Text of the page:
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Seton Hall University

Professor Heather Payne, an Emerging Leader in Environmental Law  

Headshot image of Law Professor Heather PayneLaw Professor Heather Payne is an emerging leader in the areas of environmental law, energy law, evolving regulatory policy, and the implications for property, both real and intellectual. A former chemical engineer and corporate executive, she brings a deep understanding of both the technical and economic implications of policies to address new realities in a carbon- and water-constrained world.

Employing both empirical and qualitative measures, her research explores regulatory policy, the changes necessary to implement the electricity grid of the future, and how consumers will become increasingly involved in the decision-making of regulatory bodies. In addition, her work asks whether coming regulatory changes will be in the public interest.

Her articles have been published in Environmental Law, William and Mary Environmental Law and Policy Review, Idaho Law Review, Pace Law Review, and the University of San Francisco Law Review. Forbes has called her research "critical reading for anyone who's interested in regulated electric utilities (or invests in them)."

Professor Payne was again recently featured in national news for her expertise on energy and environmental law. Interviewed about the legal disputes that followed the deadly winter storms in Texas, Payne appeared in ABA Journal, and The American Prospect.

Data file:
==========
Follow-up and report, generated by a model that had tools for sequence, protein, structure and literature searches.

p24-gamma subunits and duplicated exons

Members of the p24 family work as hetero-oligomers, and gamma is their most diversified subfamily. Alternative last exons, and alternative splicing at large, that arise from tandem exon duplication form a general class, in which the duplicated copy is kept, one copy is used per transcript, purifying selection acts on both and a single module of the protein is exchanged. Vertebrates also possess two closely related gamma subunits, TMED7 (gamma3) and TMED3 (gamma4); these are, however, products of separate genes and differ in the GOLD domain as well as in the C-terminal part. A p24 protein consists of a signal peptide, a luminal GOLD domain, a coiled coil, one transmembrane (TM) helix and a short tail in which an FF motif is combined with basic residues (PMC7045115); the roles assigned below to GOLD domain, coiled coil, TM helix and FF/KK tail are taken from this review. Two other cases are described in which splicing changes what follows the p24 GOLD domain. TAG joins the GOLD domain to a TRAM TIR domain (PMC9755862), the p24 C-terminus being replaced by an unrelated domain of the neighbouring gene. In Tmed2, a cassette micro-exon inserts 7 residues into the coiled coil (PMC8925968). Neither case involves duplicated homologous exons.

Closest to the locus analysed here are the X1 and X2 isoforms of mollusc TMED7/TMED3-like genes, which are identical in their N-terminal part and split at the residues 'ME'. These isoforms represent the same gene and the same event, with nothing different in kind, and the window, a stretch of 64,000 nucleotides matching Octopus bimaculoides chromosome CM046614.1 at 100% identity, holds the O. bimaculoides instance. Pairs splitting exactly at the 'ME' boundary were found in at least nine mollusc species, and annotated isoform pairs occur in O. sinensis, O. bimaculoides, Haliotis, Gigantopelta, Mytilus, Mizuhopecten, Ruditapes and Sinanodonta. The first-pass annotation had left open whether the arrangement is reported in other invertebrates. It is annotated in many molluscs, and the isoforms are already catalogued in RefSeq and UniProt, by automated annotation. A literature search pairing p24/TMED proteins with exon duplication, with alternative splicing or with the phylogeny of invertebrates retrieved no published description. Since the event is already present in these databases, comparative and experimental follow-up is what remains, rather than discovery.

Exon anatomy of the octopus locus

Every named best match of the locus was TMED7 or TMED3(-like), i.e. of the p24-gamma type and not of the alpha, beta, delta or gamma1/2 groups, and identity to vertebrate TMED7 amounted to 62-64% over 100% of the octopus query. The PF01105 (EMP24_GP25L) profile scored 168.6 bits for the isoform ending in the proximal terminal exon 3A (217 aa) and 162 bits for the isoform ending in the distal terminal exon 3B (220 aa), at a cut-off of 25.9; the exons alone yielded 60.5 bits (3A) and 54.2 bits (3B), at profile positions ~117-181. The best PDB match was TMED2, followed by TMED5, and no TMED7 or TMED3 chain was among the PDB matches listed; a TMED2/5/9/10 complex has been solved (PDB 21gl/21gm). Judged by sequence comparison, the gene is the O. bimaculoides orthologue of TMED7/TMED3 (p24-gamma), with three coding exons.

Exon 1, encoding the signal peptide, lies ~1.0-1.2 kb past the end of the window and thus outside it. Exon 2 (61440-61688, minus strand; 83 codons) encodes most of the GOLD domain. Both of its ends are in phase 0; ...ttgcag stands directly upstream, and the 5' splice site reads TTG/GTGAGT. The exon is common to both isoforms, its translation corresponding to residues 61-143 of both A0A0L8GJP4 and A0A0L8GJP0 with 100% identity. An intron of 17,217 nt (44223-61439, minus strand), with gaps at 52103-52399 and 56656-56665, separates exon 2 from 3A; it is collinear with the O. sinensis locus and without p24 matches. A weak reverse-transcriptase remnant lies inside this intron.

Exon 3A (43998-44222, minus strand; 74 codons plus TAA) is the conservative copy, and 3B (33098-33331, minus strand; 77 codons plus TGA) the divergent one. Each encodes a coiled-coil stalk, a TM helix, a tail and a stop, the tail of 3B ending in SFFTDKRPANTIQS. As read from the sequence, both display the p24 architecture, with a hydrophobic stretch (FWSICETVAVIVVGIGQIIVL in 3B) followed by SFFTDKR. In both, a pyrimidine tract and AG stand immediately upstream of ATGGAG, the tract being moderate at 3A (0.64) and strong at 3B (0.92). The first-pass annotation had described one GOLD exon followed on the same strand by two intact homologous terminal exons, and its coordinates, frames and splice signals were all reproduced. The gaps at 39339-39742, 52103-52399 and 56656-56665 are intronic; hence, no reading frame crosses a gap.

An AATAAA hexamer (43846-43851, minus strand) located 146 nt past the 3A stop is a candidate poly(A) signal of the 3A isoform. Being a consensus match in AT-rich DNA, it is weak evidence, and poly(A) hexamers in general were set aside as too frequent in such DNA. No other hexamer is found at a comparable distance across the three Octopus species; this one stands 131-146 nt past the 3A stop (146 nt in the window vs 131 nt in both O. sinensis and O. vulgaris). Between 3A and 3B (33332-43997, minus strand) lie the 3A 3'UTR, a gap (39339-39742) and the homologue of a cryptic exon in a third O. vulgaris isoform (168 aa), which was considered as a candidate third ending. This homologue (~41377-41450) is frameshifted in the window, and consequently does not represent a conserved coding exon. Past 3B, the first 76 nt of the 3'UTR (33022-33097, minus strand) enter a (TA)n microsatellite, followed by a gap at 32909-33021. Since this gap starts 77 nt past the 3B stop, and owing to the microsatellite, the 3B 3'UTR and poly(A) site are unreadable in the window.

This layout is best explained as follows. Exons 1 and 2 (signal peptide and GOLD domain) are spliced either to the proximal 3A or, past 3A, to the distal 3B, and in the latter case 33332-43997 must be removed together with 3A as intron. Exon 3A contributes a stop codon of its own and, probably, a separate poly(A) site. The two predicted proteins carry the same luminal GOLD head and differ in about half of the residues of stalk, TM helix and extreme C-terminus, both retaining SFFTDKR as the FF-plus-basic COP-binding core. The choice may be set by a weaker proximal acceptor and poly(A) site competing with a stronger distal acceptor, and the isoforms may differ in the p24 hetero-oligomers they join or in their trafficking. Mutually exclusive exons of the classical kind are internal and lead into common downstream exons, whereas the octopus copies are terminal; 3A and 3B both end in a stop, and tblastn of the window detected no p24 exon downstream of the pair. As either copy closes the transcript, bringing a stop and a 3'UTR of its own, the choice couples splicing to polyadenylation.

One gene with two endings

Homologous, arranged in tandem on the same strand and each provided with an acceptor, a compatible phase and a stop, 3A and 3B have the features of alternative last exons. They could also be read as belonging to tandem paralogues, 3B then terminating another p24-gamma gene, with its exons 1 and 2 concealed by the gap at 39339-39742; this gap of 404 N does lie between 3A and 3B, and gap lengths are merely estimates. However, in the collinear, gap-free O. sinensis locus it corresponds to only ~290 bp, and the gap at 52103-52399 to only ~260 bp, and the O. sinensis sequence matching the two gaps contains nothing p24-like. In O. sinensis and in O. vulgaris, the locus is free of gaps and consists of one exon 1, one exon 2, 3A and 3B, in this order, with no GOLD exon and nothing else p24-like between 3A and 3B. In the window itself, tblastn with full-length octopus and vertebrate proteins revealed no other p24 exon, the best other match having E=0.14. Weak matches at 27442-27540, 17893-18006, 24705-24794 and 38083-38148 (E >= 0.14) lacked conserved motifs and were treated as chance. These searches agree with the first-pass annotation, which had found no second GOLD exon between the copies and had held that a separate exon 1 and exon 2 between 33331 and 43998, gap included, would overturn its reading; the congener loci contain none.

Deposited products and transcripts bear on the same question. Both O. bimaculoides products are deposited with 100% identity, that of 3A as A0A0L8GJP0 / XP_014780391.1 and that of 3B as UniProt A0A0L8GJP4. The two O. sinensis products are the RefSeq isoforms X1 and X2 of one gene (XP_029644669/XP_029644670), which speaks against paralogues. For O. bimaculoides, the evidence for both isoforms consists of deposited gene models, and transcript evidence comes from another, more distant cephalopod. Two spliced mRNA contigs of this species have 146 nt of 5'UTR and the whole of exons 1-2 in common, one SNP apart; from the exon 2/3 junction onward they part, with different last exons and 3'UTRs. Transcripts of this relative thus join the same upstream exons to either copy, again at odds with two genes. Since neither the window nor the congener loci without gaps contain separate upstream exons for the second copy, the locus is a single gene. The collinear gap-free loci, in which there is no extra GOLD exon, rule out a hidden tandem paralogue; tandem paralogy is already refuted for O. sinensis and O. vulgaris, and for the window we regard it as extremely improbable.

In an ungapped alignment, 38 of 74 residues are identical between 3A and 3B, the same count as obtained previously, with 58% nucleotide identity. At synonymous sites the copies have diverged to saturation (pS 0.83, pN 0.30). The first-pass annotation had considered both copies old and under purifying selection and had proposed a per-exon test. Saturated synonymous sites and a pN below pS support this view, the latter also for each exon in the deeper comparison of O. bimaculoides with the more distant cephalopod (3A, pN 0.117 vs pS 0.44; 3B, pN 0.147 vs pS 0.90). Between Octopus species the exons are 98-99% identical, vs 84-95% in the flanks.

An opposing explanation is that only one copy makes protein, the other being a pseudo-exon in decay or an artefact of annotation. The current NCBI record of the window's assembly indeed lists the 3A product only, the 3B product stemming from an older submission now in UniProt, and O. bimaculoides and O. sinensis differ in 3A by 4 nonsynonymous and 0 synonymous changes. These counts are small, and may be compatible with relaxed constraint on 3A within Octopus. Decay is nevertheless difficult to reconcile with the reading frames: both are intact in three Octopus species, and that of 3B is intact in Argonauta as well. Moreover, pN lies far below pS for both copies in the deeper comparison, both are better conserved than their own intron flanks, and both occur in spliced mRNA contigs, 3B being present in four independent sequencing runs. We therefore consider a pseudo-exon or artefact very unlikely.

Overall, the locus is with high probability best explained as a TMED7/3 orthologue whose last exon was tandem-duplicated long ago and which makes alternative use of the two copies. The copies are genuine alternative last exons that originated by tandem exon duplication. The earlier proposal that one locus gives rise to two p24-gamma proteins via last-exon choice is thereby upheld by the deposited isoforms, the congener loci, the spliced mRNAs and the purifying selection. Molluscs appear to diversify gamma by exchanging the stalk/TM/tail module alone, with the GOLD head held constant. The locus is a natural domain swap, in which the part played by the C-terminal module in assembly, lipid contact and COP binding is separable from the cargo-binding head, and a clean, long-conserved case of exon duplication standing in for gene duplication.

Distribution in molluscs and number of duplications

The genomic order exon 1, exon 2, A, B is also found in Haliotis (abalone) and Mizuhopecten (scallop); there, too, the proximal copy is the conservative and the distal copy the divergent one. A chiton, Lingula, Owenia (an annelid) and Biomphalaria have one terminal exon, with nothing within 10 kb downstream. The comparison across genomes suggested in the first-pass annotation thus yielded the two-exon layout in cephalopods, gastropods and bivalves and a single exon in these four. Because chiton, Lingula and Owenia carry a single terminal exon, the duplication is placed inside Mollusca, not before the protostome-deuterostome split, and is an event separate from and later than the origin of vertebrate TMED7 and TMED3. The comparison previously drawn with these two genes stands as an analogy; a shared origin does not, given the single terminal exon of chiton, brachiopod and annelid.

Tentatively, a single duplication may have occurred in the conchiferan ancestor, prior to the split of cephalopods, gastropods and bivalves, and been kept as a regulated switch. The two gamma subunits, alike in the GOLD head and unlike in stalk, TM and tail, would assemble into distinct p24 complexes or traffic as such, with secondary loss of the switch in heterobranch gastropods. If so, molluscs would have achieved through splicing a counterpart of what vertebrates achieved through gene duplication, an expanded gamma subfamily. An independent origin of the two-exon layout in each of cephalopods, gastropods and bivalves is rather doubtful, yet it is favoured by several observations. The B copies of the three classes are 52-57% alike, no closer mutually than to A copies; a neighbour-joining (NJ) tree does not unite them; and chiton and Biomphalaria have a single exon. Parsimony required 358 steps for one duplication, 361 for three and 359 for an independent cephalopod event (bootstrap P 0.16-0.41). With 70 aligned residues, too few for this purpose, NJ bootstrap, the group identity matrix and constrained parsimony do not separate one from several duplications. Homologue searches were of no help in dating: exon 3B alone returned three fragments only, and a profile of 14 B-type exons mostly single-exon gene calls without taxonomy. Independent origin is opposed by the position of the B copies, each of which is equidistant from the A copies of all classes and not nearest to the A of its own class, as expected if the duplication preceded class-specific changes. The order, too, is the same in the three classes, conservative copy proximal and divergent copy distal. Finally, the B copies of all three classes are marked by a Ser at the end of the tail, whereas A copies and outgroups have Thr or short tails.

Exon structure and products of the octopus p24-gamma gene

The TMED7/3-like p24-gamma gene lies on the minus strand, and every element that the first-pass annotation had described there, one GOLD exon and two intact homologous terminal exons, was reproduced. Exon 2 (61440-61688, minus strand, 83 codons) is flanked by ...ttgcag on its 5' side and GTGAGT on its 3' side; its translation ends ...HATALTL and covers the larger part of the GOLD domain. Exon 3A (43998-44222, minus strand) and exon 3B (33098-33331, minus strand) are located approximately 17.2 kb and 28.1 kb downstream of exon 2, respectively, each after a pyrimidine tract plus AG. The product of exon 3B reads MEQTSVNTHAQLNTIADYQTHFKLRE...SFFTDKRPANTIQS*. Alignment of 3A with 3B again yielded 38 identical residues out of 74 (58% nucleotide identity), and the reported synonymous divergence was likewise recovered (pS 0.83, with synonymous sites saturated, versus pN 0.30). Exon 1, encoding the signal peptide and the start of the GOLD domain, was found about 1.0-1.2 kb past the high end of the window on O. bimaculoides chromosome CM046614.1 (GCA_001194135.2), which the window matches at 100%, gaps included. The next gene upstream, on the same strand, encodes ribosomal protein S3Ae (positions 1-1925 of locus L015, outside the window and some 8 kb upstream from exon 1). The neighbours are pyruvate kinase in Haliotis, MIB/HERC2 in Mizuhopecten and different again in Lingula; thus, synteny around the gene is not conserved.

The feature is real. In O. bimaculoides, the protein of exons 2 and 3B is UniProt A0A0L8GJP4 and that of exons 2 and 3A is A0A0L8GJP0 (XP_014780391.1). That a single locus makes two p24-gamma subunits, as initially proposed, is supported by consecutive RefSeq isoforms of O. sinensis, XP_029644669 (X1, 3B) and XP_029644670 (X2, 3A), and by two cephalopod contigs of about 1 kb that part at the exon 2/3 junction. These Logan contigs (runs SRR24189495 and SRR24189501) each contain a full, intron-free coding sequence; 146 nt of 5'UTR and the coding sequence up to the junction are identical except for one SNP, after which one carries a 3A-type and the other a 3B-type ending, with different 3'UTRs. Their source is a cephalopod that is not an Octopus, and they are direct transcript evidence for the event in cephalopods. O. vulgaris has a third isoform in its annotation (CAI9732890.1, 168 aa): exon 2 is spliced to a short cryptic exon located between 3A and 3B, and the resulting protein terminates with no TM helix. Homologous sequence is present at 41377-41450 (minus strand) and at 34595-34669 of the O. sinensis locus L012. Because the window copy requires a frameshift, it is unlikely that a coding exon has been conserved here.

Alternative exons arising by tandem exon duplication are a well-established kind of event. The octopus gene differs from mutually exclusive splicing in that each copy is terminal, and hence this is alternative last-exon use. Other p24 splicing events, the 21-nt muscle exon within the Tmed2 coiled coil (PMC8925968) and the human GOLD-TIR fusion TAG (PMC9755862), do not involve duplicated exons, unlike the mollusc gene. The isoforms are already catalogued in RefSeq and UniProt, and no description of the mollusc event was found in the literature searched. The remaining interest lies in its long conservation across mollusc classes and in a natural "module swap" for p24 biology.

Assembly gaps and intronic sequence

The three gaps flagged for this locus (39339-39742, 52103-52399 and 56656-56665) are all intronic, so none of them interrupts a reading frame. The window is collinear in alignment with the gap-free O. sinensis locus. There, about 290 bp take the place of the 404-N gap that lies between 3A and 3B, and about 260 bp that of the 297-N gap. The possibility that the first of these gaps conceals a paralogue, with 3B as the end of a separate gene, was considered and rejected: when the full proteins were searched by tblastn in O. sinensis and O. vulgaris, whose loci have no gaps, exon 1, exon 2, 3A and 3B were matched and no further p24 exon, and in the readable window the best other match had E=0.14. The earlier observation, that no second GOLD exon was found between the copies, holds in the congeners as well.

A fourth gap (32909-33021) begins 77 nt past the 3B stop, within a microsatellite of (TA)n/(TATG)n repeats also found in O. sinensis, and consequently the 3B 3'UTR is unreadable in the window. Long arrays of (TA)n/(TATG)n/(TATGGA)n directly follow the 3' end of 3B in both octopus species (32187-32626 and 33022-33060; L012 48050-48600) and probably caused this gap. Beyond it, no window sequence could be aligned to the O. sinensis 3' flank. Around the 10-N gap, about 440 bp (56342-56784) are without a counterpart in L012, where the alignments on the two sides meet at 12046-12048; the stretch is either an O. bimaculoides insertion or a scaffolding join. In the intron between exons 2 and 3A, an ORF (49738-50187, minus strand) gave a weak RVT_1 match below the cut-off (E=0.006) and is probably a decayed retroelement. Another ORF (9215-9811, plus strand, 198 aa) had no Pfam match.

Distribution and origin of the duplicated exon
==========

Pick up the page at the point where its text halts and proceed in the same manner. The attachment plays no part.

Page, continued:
In ABA Journal, the flagship magazine of the American Bar Association, which reports readership from half of the nation's 1 million lawyers every month, Payne differentiates the lawsuits in Texas from earlier cases prompted by power companies' negligence to maintain equipment starting dangerous California wildfires. In Texas, she clarifies that the weather caused the outages and asserts that "weather is not gross negligence." Given this distinction, she counsels that the precedent is against the plaintiffs as "utilities historically have not been found liable for discontinuing service when the weather is to blame."

Payne also spoke about how claims would be received in court for, an industry-leading media platform "powering over 18 online U.S. national and regional award-winning legal publications." She explains that the Energy Reliability Council of Texas (ERCOT), the power grid operator which has been sued over its role during the storms, does not own the power plants which means "retail and generation of power is fully deregulated." She continues:

"'So, in terms of whether I choose to winterize, that is totally a choice that is for that specific power plant-whether they think it's going to actually be worth their capital for the conditions that they foresee,' Payne said."

In addition to appearing in these publications, Payne also was featured on the Lawyer to Lawyer podcast from Legal Talk Network. In her conversation with host J. Craig William, she refers to the Texas weather crisis as a "cascading series of failures" rooted in a lack of accessible natural gas reserves, increased demand for power to heat homes and diminishing natural gas production due to cold temperatures.

Going forward, similar scenarios are avoidable, Payne said, citing the possibility for Texas leadership to weatherize their power plants and different parts of the system as well as to connect with larger power transmission grids, like the Western and Eastern Interconnections.

To learn more about Payne and her research, click here.

Categories: Education, Law, Research

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